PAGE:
Harvesting solar energy is a great way to generate sustainable power, but unfortunately solar cells are far from being as efficient as they might be. Currently, commercially available solar cells can convert about 25 percent of sunlight into electricity, and scientists have been trying to create better solar cells for years. One milestone they have been unsuccessfully trying to reach is 50 percent conversion efficiency of solar cells. However, the start-up company Semprius might be on the right track with the stacking technique of solar cells they recently developed.
The idea to stack solar cells in order to make them more efficient is not entirely new, but Semprius has managed to make a huge leap forward with it. They have successfully demonstrated that three semiconductor materials can be stacked on top of a fourth solar cell. Such a stacked device is capable of reaching efficiencies of up to 44.1 percent. Furthermore, this stacking technique allows for the reuse of costly crystalline wafers that multijunction solar cells are grown on, which significantly reduces production costs.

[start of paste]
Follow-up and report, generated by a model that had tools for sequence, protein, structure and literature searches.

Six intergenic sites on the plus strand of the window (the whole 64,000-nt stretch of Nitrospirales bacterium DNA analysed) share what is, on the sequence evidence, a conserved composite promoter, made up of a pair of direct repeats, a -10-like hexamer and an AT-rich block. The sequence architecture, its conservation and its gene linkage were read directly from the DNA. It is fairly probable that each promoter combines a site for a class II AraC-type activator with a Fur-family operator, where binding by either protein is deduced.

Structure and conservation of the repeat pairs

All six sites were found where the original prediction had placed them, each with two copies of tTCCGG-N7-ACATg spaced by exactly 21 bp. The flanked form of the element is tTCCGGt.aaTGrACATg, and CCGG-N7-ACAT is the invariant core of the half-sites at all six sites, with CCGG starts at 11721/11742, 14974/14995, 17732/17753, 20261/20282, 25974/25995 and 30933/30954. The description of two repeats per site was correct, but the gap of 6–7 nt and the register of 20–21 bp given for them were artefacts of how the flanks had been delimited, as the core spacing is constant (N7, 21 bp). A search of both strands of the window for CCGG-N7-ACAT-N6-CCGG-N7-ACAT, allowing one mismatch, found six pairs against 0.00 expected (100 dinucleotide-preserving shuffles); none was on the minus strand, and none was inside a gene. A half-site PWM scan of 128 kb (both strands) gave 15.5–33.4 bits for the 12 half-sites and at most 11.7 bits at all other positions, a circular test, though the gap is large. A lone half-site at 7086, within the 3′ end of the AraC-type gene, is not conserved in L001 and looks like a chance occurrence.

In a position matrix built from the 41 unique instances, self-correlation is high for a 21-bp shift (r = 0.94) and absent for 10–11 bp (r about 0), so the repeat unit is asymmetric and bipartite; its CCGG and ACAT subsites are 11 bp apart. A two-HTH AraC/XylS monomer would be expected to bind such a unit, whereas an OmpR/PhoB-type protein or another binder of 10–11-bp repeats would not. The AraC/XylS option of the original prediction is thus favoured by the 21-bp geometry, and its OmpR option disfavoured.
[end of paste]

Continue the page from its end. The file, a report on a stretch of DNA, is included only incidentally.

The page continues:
The three key innovations of the technique developed by Semprius are a cheap, fast way to stack cells, a proprietary way to electrically connect cells, and a new kind of glue holding the cells together. The design of Sempriusâ€™ stacked solar cells utilizes tiny individual solar cells, each of which measures only a millimeter across. This also helps to bring down the costs while improving efficiency.
The company is certain that in three to five years, they will be able to construct solar cells that will consist of two stacked multi-junction devices, which would yield a total of five or six semiconductors. Such a device could actually surpass the magic 50 percent solar cell efficiency point.
Also, such cells would have a manufacturing capacity of 80 to 100 megawatts a year, and solar cells that can achieve 50 percent efficiency could potentially reach costs of five cents per kilowatt-hour. This is less than the current price of natural gas, which costs 6.4 cents per kilowatt-hour.